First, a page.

“It’s important to push boundaries but in a mindful way – there is still a business to run.”
Chadwick also quoted The Iconic CEO, Erica Berchtold, on the need for the brand to continue to find distinctiveness in a world where most retailers now have digital capability in their arsenal.
“Erica talks about the safety car coming out when Covid hit, allowing everyone to play catchup to elevate platforms and capability in this digital space,” he said. “So yes, it’s important for The Iconic to have a clear moat around our distinctiveness and differentiation in market allowing us to still be who we want and play aggressively to take more marketshare.”
Being the first chief customer officer
Runway X is Chadwick’s self-proclaimed milestone of his first year as The Iconic’s inaugural chief customer officer. The role has seen marketing united with the product function as well as customer service, an important trio in optimising customer experiences.
“How we show up in our ecommerce platform through our assortment range is another critical buying part of the journey,” Chadwick said. “So when customers know what they want to buy, they can come in and do that in a seamless way. And if they don’t, we create those moments that help inspire along the journey through our platform.”
In stepping into the position, Chadwick said it was important to take stock, listen, ask questions, see what’s working and business strategy then take view on how to elevate the work and brand.
“I was blessed to come into an organisation where the business was strong and brand was incredible. You come in as a custodian of the brand and my job while I’m here is to take that further, protect who we are and elevate great work that’s been happening,” he said.
“This customer org gives us a further mandate to be customer obsessed across all touchpoints. We are looking to drive a more exemplified customer journey. We are maturing but we want to keep the culture as part of the brand, while elevating the business to compete for the long term.”
Other pluses in The Iconic’s favour for Chadwick are its scale, large customer database, and connection with Gen Z. He noted the expanded lifestyle range and inclusion of brands like Gucci Sport as a further win.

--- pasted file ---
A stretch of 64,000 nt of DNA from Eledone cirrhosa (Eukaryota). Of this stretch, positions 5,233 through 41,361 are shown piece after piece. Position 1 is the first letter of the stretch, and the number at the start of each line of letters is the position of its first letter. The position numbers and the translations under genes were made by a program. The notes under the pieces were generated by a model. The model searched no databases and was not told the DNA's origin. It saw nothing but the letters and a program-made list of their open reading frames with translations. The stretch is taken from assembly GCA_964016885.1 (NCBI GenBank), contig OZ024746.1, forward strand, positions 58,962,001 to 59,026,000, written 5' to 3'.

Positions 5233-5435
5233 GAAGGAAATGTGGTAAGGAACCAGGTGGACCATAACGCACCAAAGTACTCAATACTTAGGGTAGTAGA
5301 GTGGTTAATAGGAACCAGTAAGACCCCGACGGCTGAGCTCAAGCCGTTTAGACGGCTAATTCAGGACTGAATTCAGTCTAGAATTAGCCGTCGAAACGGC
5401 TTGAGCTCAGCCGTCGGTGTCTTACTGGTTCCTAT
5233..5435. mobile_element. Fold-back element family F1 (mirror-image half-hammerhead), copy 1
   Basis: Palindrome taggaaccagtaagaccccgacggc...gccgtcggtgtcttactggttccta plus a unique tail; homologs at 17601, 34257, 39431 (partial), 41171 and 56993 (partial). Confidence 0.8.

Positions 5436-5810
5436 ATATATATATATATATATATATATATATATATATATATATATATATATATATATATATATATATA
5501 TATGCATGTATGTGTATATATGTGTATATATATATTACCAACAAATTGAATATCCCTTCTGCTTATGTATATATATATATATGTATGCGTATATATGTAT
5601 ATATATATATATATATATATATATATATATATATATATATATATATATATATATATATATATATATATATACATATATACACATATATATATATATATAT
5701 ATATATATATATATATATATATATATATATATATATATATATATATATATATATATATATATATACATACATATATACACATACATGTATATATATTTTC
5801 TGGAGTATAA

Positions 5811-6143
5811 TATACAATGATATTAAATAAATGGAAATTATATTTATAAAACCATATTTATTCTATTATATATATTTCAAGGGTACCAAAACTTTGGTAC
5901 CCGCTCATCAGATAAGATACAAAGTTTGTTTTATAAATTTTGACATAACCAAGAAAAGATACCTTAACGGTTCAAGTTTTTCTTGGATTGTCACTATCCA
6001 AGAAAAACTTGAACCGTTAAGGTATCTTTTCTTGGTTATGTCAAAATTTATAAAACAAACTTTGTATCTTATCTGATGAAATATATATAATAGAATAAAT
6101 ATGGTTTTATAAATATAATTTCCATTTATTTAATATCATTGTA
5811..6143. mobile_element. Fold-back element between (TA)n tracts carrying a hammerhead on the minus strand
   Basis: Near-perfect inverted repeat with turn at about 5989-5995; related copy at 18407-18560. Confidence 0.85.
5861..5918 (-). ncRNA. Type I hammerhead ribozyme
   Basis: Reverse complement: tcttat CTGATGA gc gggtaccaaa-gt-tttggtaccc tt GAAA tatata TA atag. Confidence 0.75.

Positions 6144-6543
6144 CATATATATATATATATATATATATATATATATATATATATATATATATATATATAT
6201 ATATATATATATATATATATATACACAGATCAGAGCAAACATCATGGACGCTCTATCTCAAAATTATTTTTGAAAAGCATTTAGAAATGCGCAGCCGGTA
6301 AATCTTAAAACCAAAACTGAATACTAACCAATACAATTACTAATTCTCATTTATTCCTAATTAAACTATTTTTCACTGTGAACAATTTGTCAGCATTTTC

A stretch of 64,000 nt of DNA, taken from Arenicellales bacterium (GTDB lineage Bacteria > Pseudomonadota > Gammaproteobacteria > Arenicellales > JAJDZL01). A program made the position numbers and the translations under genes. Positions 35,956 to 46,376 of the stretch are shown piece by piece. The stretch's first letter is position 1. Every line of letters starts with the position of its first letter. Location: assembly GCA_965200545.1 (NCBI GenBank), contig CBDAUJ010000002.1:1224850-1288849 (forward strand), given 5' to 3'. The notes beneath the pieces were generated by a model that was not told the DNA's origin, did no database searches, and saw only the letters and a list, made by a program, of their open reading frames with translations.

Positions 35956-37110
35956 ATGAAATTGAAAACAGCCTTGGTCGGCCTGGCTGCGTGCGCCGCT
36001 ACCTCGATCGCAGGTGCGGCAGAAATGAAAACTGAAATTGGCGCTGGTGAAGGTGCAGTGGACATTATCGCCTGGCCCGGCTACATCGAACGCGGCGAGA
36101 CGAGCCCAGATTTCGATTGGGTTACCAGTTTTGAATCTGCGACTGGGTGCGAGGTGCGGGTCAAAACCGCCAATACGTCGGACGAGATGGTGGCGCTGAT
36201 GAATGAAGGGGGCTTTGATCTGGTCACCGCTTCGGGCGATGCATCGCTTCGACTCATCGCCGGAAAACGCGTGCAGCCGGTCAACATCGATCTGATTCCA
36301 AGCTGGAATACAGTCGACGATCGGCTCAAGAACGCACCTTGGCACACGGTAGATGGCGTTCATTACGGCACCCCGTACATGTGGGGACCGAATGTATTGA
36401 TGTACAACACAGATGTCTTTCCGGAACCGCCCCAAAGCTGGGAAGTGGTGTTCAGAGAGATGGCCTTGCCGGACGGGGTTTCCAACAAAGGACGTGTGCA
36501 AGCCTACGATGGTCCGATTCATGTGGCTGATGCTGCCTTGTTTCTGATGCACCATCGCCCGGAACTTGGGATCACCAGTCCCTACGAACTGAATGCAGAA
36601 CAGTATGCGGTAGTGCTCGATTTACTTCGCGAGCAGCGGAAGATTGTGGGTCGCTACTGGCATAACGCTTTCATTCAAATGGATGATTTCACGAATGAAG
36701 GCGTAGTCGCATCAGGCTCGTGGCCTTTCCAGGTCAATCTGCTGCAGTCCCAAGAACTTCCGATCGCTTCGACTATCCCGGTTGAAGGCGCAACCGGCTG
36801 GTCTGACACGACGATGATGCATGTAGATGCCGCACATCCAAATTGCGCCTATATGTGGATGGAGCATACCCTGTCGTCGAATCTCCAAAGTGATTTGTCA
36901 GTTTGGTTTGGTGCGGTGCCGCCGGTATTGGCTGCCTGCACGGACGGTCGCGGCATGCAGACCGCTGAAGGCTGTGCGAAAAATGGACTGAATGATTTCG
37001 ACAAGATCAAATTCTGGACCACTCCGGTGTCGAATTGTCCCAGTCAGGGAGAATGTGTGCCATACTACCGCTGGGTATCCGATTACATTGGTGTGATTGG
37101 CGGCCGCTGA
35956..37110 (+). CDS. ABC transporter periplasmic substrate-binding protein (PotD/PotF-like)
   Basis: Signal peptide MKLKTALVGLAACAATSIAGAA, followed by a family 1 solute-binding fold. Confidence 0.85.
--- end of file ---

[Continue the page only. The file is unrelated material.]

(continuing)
And in being customer chief, Chadwick has many levers to pull to drive growth. “My view is the chief customer role is a modern-day version of what the CMO is,” he said.
“Marketing always should be broader than communications, and having those other levers is so important. The other thing is to embed across the organisation is commercial understanding of the business. So we know if we pull this lever, it’ll generate this, with that customer mandate over the top.”
While The Iconic already had strong ways to listen, learn and measure how customers are feeling, an opportunity for optimisation Chadwick has spotted is around last-mile delivery.
“This is even more important in how customers feel about The Iconic, versus marketing collateral we send out to tempt them with our product range,” he said. “We have to have good handle on all leading and lagging metrics as it relates to customer advocacy. It’s even more important as we look at for next few years, to ensure we drive a step change in customer loyalty and be obsessed around how much our people our shopping, how much they buy, when they bought last from us.
“The great thing about an ecommerce business is you have such richness of data through behavioural activity – intent-based search, traffic, what people look at. What we can do is marry that together into a more coordinated picture from one end of the other, to get real sense of people are feeling, versus just an NPS after a buying transaction. We are looking to strengthen that view.”
Having spent several years as CMO of Virgin Velocity, Chadwick is well-versed in what a loyalty program looks like and can be. He said this former professional experience definitely providing insight in terms of organising around the customer and how to manage a large customer base to provide the right amount of value, be that rational or intangible.
“We’re getting into a much more competitive environment. You need to make sure you’re bringing in the right customers that extends into that loyalty continuum,” he said. “I’m as focused on the post-purchase behaviour to get them back into the loop of shopping with The Iconic as I am bringing in new ones.”
According to Chadwick, The Iconic has a strong customer value proposition to work with including free delivery, its returns policy and its range. “We start with product – the whole flywheel starts there and having the assortment range people want to buy,” he added.
“The customer org has allowed us to galvanise teams under new structure in different ways we have seen before. It’s motivating and then allows us to lean into more customer obsession and loyalty for the future.”